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greenchoppers
12-15-2011, 07:19 PM
Hello,

Wondering how many of you have changed from straight LLC to S-Corporation? Was the change beneficial to you and are there any regrets?

Thanks for your replies.

NEW CITY LAWN CARE LLC
12-15-2011, 07:30 PM
Hello,

Wondering how many of you have changed from straight LLC to S-Corporation? Was the change beneficial to you and are there any regrets?

Thanks for your replies.

Single owner? I would think the tax benefits from being a single owner LLC would be greater that of a Corp...

DA Quality Lawn & YS
12-15-2011, 08:48 PM
I believe with an LLC you can still file on your 1040 form, no?

NEW CITY LAWN CARE LLC
12-15-2011, 08:52 PM
I believe with an LLC you can still file on your 1040 form, no?

Yes you can file your home and business together being a single member LLC

Kelly's Landscaping
12-16-2011, 12:18 AM
"A major factor that differentiates an S corporation from an LLC is the employment tax that is paid on earnings. The owner of an LLC is considered to be self-employed and, as such, must pay a “self-employment tax” of 15.3% which goes toward social security and Medicare. The entire net income of the business is subject to self-employment tax.*

In an S corporation, only the salary paid to the employee-owner is subject to employment tax. The remaining income that is paid as a distribution is not subject to employment tax under IRS rules. Therefore, there is the potential to realize substantial employment tax savings. Case in point:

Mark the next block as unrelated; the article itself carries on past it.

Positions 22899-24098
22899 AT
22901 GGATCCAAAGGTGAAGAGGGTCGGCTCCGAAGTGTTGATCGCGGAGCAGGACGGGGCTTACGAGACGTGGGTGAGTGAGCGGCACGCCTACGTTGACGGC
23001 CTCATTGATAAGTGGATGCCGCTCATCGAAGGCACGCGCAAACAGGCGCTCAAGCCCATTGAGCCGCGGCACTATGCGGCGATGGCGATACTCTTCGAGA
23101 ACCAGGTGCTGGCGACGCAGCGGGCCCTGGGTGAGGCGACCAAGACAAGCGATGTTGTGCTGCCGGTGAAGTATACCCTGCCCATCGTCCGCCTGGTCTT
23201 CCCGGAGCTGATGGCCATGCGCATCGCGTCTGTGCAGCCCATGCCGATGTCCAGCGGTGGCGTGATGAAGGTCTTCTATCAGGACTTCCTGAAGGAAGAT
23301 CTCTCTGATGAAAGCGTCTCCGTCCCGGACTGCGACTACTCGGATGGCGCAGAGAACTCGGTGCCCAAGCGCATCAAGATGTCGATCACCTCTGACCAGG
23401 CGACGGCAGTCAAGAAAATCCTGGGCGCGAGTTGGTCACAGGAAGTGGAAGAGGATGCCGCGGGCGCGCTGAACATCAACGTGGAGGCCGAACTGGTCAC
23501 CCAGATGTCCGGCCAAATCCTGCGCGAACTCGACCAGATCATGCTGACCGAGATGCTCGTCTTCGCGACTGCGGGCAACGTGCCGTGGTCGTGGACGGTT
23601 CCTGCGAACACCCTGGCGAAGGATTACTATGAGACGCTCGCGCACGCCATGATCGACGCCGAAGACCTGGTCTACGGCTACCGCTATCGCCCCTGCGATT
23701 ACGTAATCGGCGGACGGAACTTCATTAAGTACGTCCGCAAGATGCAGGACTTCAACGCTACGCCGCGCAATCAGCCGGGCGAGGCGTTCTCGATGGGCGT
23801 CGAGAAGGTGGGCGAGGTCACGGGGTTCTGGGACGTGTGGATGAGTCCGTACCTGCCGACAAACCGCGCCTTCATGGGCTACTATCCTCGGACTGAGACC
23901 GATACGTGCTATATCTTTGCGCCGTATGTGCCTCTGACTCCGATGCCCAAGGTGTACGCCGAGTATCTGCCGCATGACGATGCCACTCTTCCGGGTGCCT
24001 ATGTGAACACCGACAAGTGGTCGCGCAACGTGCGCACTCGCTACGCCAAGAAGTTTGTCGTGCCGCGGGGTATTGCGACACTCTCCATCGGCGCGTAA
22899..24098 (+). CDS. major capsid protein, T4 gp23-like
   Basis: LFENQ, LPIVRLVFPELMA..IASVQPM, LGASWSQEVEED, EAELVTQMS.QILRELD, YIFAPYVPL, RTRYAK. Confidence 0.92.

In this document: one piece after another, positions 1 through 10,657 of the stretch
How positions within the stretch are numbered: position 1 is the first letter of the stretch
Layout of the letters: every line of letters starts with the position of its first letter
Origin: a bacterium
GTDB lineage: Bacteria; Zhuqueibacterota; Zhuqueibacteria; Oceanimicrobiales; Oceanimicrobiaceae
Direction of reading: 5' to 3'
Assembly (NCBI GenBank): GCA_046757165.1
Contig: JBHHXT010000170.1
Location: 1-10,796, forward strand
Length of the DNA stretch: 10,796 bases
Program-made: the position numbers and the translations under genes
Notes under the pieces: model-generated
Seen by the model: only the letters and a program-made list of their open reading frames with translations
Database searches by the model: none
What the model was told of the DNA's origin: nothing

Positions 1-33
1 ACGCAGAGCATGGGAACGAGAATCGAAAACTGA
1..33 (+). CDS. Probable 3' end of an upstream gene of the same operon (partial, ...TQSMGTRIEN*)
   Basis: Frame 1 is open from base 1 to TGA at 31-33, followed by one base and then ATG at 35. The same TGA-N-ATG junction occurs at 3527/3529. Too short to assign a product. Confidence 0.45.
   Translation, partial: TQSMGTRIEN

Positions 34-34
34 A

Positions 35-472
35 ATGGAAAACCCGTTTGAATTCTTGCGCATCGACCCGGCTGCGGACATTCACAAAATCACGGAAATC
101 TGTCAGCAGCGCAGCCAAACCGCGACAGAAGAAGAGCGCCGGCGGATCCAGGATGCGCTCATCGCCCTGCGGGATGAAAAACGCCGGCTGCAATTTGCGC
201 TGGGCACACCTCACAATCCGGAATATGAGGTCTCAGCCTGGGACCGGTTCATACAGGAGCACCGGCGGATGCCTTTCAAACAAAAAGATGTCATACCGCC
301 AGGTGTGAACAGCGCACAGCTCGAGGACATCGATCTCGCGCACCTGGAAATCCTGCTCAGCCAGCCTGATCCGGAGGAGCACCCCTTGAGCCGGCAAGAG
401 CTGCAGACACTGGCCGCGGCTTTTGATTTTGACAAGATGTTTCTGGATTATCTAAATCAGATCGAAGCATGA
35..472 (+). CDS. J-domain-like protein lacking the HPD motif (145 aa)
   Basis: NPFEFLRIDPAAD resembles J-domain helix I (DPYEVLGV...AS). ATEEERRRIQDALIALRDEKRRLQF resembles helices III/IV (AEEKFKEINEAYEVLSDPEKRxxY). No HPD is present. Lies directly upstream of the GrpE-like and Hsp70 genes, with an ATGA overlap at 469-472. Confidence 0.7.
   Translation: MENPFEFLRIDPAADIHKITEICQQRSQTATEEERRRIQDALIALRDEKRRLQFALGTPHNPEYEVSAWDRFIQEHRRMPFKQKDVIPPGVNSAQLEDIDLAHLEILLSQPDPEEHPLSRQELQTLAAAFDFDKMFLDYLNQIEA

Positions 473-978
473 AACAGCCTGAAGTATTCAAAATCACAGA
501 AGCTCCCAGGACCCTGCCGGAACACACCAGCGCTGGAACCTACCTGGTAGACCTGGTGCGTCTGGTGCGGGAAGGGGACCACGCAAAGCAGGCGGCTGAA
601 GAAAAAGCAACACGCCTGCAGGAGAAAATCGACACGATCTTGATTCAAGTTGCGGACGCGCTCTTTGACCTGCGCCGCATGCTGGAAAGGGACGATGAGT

Mary owns a print shop. In keeping with the industry standard, Mary decides that a reasonable salary for a print shop manager is $35,000 and pays herself accordingly. Mary’s total earnings for the year are $60,000: $35,000 paid in salary and the remaining $25,000 paid as a distribution from the S corp. Mary’s total employment tax is $5,355 (15.3% of $35,000).

If Mary were the owner of an LLC, she would have to pay employment tax on the entire $60,000, equaling $9,180. But as an S corporation, she realizes savings of $3,825 in employment tax.

One might assume that these savings could be further manipulated by reducing the salary to an extremely low amount and attributing the rest of one’s earnings to distributions—but this would be an incorrect assumption. In practice, the IRS is careful to notice whether a salary is reasonable by industry standards. If it determines a salary to be unreasonable, the IRS will not hesitate to reclassify distributions as salary"


As you can see they are not equal so you want to pick the one that best helps you.

NEW CITY LAWN CARE LLC
12-16-2011, 12:26 AM
"A major factor that differentiates an S corporation from an LLC is the employment tax that is paid on earnings. The owner of an LLC is considered to be self-employed and, as such, must pay a “self-employment tax” of 15.3% which goes toward social security and Medicare. The entire net income of the business is subject to self-employment tax.*

In an S corporation, only the salary paid to the employee-owner is subject to employment tax. The remaining income that is paid as a distribution is not subject to employment tax under IRS rules. Therefore, there is the potential to realize substantial employment tax savings. Case in point:

Mary owns a print shop. In keeping with the industry standard, Mary decides that a reasonable salary for a print shop manager is $35,000 and pays herself accordingly. Mary’s total earnings for the year are $60,000: $35,000 paid in salary and the remaining $25,000 paid as a distribution from the S corp. Mary’s total employment tax is $5,355 (15.3% of $35,000).